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Ben Fine was shooting the breeze with a group of fellow Toronto doctors in 2018 when a perennial complaint arose: “In every aspect of your life, things are getting better with the aid of technology, except in your day job,” he recalls.
A year later, he co-founded HaloHealth, a ‘business angel’ network through which 200 Canadian physicians have invested C$2m in early-stage health-tech. Not only does a doctor’s sign-off instil confidence among investors, it helps fledgling companies find customers and capital, Fine says.
Across Canada — which experts say has a world-class but outdated health sector, plus strong local talent and accommodating patients — entrepreneurs are helping to solve the problems that they have witnessed at first hand.
The Covid-19 pandemic has proved to be a catalyst for the health-tech movement, gaining it the attention of traditional investors, family funds and venture capitalists. “[This year] already is shaping up to be one of the biggest funding years for venture dollars going into North American healthcare,” says Megh Gupta, a partner at Wittington Ventures, a Toronto VC group with a focus on health. “We’re living in a bit of a new world now . . . You kind of let the genie out of the bottle.”
Canadian health-tech companies raised more than $300m in the first three quarters of 2020, double the sum raised in all of 2019, according to PwC Canada. The accountancy firm estimates that the Canadian digital health market was worth more than C$5bn as of 2020.
“We were growing, on average, by 10 per cent to 15 per cent every month in 2018 and 2019,” says Brett Belchetz, chief executive of Maple, a telemedicine provider that allows patients to see doctors virtually in under two minutes for as little as C$49. The Covid-19 outbreak led to Maple tripling daily patient visits to 3,000 between March and May 2020. Revenues also tripled. “No company is set up to grow that quickly,” he says.
Although the federal government has shown little interest in telemedicine, despite Canada’s remote northern communities, its provinces have scrambled to roll out their own platforms.
Maple, which operates outside the regular healthcare system, kept waiting times below two minutes by adding new healthcare providers, who now total 1,500, to cater to 2m patients. “It really showed that virtual care can scale in a way that physical healthcare systems cannot,” says Belchetz, who started Maple in 2015 after working as a doctor.
Toronto-based PocketHealth, which is digitising the sharing of medical imaging, was also born out of frustration. Rishi Nayyar started it with Harsh, his brother, after Harsh was handed a CD containing an ankle X-ray following a tumble on a San Francisco tennis court.
“We raised a $6.5m [funding] round last April, which coincided with the pandemic and every hospital administrator in the US and Canada waking up and realising: ‘Oh my God, I can’t burn CDs any more’,” says Nayyar.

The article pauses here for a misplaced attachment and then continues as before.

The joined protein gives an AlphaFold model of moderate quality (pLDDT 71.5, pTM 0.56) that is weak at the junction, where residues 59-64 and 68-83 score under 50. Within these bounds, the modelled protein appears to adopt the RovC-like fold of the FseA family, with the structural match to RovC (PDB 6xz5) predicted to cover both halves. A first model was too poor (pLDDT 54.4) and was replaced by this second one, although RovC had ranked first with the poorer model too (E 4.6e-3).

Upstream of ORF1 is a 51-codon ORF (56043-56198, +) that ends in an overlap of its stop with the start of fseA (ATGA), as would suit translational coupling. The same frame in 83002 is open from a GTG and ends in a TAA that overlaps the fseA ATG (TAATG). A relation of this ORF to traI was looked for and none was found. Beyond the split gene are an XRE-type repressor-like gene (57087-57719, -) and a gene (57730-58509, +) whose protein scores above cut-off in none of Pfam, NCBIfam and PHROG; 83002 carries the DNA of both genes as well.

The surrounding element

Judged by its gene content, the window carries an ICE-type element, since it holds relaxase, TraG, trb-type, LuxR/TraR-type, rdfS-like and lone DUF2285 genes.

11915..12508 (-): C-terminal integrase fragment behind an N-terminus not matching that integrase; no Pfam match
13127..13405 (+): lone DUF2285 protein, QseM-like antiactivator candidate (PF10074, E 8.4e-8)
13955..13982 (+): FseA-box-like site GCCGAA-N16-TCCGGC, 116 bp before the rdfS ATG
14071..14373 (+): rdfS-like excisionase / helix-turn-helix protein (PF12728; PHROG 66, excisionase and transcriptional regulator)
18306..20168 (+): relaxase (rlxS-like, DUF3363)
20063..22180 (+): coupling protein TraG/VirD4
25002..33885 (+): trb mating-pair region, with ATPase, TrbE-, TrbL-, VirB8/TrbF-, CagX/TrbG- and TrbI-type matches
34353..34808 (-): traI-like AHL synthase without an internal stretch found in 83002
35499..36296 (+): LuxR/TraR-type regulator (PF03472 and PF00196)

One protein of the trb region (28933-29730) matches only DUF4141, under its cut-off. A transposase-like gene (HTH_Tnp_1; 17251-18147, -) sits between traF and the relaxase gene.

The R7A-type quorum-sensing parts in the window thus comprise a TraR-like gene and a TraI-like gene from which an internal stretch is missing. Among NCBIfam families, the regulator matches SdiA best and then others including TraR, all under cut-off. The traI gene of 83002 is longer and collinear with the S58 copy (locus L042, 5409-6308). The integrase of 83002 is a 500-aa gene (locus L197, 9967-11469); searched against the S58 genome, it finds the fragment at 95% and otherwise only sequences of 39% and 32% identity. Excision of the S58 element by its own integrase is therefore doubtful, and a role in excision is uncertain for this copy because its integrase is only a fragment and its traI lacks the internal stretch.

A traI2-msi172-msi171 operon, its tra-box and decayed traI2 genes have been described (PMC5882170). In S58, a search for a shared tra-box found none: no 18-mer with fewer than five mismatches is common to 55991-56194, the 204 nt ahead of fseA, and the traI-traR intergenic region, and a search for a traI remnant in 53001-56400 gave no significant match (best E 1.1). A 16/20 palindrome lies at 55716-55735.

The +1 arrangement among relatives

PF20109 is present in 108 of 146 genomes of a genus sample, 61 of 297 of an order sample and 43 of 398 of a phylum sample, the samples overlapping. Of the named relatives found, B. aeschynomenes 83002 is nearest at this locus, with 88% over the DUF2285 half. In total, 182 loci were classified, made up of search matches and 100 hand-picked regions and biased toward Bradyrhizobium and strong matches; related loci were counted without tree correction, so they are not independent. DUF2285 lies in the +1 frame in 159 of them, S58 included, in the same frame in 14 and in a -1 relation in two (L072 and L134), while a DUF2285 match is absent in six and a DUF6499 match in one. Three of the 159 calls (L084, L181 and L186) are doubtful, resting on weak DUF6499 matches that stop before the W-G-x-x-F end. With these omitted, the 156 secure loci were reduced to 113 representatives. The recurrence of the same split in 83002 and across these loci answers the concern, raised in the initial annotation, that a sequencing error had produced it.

Three months into the pandemic, PocketHealth had tripled its deployments and its platform is now used by hundreds of North American hospitals and clinics.
Smaller players such as CleanSlate UV, which sanitises smartphones, have also succeeded. “Our goal was to triple our sales this year, but we’ve seen about 900 per cent year-on-year growth,” says founder Taylor Mann. Initially envisaged for use in hospitals, its sanitising devices are also found in care homes, transport hubs and offices.
Start-up chief executives say that, because of Covid and waning interest in established sectors, such as oil and gas. it is not hard to find capital. “Investing in digital health was significantly de-risked because the risk of not investing increased so much,” says Nayyar.
In September, Maple received C$70m funding from Shoppers, Canada’s largest pharmacy chain, while Montreal company Dialogue Health Technologies raised C$100m in March via an IPO.
Meanwhile, increased M&A activity suggests that the sector is maturing fast. “They are adopting the US model of acquiring smaller Canadian health-tech companies left and right, therefore creating a secondary market and a more readily accessible exit point,” says Luke Sheen, a co-founder of HaloHealth.
Challenges remain for digital health companies in Canada — where chief executives have long complained of risk-averse investors before relocating to Silicon Valley.
One of the biggest difficulties is privacy legislation. In Ontario, digital health groups must operate under the Personal Health Information Protection Act (P-Hipa), which came into force almost two decades ago.
Others see risk in overvaluations. “When an industry gets hot, you have a flood of investors and for that particular industry, you get a lot of dumb capital moving in,” says Belchetz.
But while savvy investors will question when the euphoria will end, the effect of Covid-19 and a vast US market for Canadian start-ups have filled many with confidence. “When people figured out online banking, did they ever want to go back to having to go in to see a teller to pay a bill?” asks Belchetz. “The answer is no.”
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